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Parkinson Disease: HELP
Articles by Jacob A. Lafo
Based on 5 articles published since 2010
(Why 5 articles?)
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Between 2010 and 2020, Jacob Lafo wrote the following 5 articles about Parkinson Disease.
 
+ Citations + Abstracts
1 Clinical Trial The cognition and emotional well-being indices of the Parkinson's disease questionnaire-39: what do they really measure? 2014

Jones, Jacob D / Hass, Chris / Mangal, Paul / Lafo, Jacob / Okun, Michael S / Bowers, Dawn. ·Department of Clinical and Health Psychology, McKnight Brain Institute, University of Florida, Gainesville, FL, USA; Center for Movement Disorders and Neurorestoration, McKnight Brain Institute, University of Florida, Gainesville, FL, USA. · Department of Applied Physiology and Kinesiology, McKnight Brain Institute, University of Florida, Gainesville, FL, USA; Center for Movement Disorders and Neurorestoration, McKnight Brain Institute, University of Florida, Gainesville, FL, USA. · Department of Neurology, McKnight Brain Institute, University of Florida, Gainesville, FL, USA; Center for Movement Disorders and Neurorestoration, McKnight Brain Institute, University of Florida, Gainesville, FL, USA. · Department of Clinical and Health Psychology, McKnight Brain Institute, University of Florida, Gainesville, FL, USA; Department of Neurology, McKnight Brain Institute, University of Florida, Gainesville, FL, USA; Center for Movement Disorders and Neurorestoration, McKnight Brain Institute, University of Florida, Gainesville, FL, USA. Electronic address: dawnbowers@phhp.ufl.edu. ·Parkinsonism Relat Disord · Pubmed #25260967.

ABSTRACT: INTRODUCTION: The Parkinson's disease questionnaire-39 (PDQ-39) is a common measure of health related quality of life (HRQoL) that is widely used with Parkinson disease (PD) patients. Previous evidence suggests that the PDQ-39 reflects at least 8 dimensions (i.e., Emotion, Cognitions, Mobility, etc). To date, little research has examined the external/convergent validity of the Cognitions and Emotional Well-being domains of the PDQ-39. METHODS: A convenience sample of 303 PD patients underwent a comprehensive multi-domain neuropsychological evaluation, including tests of execution function, episodic verbal memory, processing speed, language and working memory, as well as completing measures of depression, apathy, state and trait anxiety and HRQoL (PDQ-39). Hierarchical regressions were conducted in order to examine the relationship between scores on neuropsychological tests and the Cognitions index, as well as mood measures and the Emotional Well-being index of the PDQ-39. RESULTS: Neuropsychological test performance did not account for a significant amount of variance in the PDQ-39 Cognitions index scores. Instead, it was depression that significantly contributed to the Cognitions index, above and beyond neuropsychological performance. The PDQ-39 Emotional Well-being index was also related to mood measures, primarily depression and trait anxiety. CONCLUSIONS: The PDQ-39 Cognition index may be more related to mood functioning, as opposed to cognitive functioning, and should not be considered a "proxy" for cognitive functioning. Future studies are needed to better explain the construct of this index.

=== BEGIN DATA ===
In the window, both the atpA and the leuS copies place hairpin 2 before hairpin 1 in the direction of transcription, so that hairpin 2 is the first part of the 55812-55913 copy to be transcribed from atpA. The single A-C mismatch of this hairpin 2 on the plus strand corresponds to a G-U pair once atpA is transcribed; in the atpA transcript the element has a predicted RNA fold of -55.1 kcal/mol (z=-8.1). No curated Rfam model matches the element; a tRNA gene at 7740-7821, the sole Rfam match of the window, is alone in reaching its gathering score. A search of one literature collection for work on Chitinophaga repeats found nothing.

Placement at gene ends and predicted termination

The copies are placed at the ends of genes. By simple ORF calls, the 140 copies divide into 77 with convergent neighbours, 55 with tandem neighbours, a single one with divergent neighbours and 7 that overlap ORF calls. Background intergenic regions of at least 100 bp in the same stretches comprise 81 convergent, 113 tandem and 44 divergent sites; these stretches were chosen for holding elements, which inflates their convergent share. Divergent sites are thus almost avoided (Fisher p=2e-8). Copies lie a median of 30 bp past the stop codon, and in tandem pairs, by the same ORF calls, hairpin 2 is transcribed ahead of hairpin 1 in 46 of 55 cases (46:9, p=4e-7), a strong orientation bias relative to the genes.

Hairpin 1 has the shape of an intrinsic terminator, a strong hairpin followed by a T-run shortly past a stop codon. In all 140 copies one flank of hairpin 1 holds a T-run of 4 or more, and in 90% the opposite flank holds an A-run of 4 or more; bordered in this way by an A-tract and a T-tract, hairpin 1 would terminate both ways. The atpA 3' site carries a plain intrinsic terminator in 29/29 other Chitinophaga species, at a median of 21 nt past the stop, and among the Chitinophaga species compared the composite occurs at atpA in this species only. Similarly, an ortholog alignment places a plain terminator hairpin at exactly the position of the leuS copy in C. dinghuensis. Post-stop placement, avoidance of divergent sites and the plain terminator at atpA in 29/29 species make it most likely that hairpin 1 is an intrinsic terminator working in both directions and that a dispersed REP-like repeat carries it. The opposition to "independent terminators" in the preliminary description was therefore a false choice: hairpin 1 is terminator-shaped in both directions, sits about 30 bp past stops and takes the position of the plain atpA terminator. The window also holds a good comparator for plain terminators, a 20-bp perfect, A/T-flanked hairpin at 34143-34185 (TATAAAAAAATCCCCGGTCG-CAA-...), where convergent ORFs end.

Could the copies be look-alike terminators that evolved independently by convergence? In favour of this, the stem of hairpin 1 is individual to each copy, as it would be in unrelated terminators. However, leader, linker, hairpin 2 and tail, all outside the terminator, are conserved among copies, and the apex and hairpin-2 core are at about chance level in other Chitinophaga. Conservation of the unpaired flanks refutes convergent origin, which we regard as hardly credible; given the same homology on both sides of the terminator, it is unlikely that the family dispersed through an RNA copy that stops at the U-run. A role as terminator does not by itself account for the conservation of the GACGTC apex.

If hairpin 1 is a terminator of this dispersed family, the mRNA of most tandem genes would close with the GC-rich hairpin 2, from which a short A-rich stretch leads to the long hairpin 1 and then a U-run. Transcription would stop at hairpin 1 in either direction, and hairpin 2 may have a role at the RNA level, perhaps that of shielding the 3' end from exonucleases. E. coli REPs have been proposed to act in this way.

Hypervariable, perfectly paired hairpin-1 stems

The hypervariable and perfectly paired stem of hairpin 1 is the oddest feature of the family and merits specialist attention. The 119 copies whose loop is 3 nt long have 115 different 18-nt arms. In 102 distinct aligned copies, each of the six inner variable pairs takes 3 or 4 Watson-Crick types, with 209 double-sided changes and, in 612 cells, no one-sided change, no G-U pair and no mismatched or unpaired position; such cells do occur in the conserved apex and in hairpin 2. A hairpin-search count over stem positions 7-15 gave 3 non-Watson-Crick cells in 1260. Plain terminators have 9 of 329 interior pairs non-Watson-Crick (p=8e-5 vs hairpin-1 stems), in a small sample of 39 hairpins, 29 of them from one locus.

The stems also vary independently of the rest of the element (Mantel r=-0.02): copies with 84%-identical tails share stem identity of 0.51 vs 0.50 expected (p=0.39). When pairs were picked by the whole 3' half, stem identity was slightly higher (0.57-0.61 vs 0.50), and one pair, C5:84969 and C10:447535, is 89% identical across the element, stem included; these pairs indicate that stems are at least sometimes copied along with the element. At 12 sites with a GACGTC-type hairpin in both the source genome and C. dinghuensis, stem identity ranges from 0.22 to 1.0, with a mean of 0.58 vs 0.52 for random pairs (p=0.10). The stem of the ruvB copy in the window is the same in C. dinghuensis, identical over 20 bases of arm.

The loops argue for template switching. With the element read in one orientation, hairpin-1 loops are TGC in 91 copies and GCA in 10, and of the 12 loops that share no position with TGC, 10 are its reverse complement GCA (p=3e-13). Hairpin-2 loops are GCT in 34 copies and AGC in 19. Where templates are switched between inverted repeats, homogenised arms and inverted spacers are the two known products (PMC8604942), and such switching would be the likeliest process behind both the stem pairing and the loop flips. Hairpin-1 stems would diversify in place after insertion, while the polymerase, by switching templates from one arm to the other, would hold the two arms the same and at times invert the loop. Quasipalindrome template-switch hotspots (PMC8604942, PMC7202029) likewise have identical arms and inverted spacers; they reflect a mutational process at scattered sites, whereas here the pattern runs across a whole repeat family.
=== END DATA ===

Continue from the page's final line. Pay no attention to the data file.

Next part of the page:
2 Article Mood Differences Among Parkinson's Disease Patients With Mild Cognitive Impairment. 2016